I’m from a long line of good cooks. My mom makes a living as a dietitian, and my Grandma makes a mean apple pie. Before her was Grandma Maymie–and I’m sure before her was a strong woman who knew how to make merangue and homemade bread and every other recipe I find in my mom’s Mennonite cookbooks. I’m confident that someday I’ll live up to the cooking heritage I have–right after I figure out how to avoid mixing up lard and cream cheese. When I stayed with my host family in Tangier, I was shocked most by the kitchen. It was a third of the size of my mom’s kitchen; it had two bunson burners, no oven, no dishwasher, and about three square feet of counter space. But oh, the delicious things that originated from those three square feet. My host mom whipped up fish tagine, hot bread, and omlettes without breaking a sweat. Where does she keep enough plates and dishes to cook? I don’t know. I munched on sweets and fresh fruit and pondered the fact that I can’t even get my sweet potatoes to taste right, and I’ve got four burners and gas stove to do it with. And a machine to wash the dishes afterward. Somewhere between the third and fourth cup of tea she served me, I was humbled.  


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Adventures in Fez and Meknes                               DSCN0605                      DSCN0584

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Our group took an “Imperial City” trip to Fez and Meknes this weekend. Among the things we saw were the city gates, famous mosques, and a ridiculous amount of donkeys. Fez is one of the oldest cities in Morocco–and she smells like it. We stopped by a tailor shop, a pottery shop, and a tannery.

I spent a lot of time in Fez and Meknes noticing the juxtaposition of old things and new things–Moroccan culture is paradoxical in a way. Beautiful cities smell awful, cold wind makes a 100 degree day feel chilly, and colored paint is chipped and cracked. Moroccan culture is also very traditional–the shoes in the upper picture are traditionally worn by both men and women in many colors. Especially as Ramadan approaches (month of Fasting), traditional food and dress start to appear more frequently.

During our trip, we also stopped at the ruins of Volubulis (“Malili” in Arabic). It was 100 degrees out, and there was no breeze, but we made a fun morning of it. I’ve never been to Europe (unless you count the airports in Frankfort and Barca) but it sure felt like Rome to me. I felt pretty much at home in the entrance of the “parliament” area of the city–my Poli Sci Profs would be proud!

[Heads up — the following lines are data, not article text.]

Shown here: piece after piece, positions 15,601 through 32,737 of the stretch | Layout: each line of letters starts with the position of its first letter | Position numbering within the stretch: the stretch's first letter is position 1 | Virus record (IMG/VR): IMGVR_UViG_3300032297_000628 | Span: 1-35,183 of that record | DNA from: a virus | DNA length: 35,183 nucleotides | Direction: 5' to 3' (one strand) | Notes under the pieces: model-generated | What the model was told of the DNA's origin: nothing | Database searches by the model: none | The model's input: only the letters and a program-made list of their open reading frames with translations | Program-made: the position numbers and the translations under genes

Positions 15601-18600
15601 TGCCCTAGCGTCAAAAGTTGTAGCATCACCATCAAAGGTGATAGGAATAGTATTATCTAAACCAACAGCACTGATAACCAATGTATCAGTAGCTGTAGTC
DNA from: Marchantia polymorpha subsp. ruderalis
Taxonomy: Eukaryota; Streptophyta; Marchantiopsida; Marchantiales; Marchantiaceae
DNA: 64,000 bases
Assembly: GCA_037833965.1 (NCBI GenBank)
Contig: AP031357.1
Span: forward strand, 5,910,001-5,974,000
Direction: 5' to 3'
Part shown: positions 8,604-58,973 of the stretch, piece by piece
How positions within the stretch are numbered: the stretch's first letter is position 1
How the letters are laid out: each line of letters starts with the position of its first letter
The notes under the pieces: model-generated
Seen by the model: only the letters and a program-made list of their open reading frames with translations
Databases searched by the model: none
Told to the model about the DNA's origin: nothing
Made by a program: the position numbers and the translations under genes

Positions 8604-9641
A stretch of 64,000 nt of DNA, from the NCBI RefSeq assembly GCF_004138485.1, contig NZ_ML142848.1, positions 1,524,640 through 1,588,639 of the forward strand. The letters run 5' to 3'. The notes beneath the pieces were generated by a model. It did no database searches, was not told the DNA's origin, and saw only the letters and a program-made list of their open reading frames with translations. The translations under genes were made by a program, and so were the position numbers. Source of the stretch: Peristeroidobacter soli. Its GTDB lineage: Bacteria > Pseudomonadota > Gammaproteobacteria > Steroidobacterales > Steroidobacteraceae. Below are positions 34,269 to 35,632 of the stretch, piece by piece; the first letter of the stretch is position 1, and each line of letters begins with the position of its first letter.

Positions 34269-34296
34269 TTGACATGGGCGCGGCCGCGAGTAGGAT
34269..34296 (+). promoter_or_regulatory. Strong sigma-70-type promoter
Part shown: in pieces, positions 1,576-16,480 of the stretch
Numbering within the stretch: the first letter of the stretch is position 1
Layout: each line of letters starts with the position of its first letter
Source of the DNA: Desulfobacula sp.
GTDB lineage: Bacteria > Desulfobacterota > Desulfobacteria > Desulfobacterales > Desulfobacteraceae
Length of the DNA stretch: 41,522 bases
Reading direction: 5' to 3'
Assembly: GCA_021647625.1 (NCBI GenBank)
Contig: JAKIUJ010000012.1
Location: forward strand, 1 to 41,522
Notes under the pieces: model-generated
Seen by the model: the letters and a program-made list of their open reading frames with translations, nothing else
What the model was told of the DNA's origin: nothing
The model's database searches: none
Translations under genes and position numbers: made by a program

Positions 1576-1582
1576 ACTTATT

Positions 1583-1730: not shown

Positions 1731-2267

This week was also the Fourth of July (Eiid Istiqlaal) and we celebrated by having barbeque and going to the beach. The BBQ lacked hamburgers, potato salad and Coke, but it was still a tasty treat. I snapped a few pictures of some friends on the beach–the wind was outrageous but it was still a nice break from homework.

Adventures in Fez and Meknes


Reflections on Asilah: “Pharmacy”

        Conversations between people who don’t speak the same language are difficult. First, one person might try talking slower–hoping the other person will somehow understand their words if there’s more space between them. Then, they try using simpler terms–saying “help” instead of “I think I just caused a hairline fracture in my left kneecap.” After that, the person starts miming the information they need to communicate, and before long a simple conversation has degenerated into a game of charades. Sometimes, this works–things like “bathroom,” “sunglasses,” and “fish” can all be mimed. During my trip to Asilah I discovered that some things are better spoken and not mimed.

         I stood in front of the resturant after lunch, chatting with some classmates about our morning. We had just finished eating freshly-caught fish after touring the Old Medina and viewing the beautiful murals that decorate the city walls. We were weighing our options for the afternoon–beach, camel-riding, and mumkin (maybe) ice cream. I was chatting with Tyler and Kelsey when I started to overhear a hurrid conversation behind me. I say “started to overhear” because initially I didn’t understand what was going on. I could only hear part of the conversation (my back was turned and I couldn’t see the miming). I’d been out for several hours with our group and had settled into the groove of thinking and speaking in Arabic–and the conversation I began to hear was in English. English is my first language, but when I’m thinking in Arabic, English kind of sounds nonsensical, especially after speaking Arabic for a long time.  After a few seconds of listening, I suddenly understood what was happening and turned around.

         There was an American woman having a conversation with our waiter from the resturaunt. Well, she was trying to have a conversation–the situation had been reduced to miming. The problem was, she needed to find a pharmacy. How do you mime “pharmacy?” She didn’t know, and neither did the waiter. He was looking at her with a furrowed brow, and every time she would say, “Pharmacy…you know, toothpaste? Medicine?” He would say, “Asif, no English. No English. Espanol? Frances?” This situation is common in Morocco–many people speak three, four, or five languages fluently, but English is rarely one of them. I’m constantly asked at the souq to speak French or Spanish, and men on the street typically holler comments in Spanish. I’m up to three marriage proposals–but I say no to anyone who calls me “chicka.”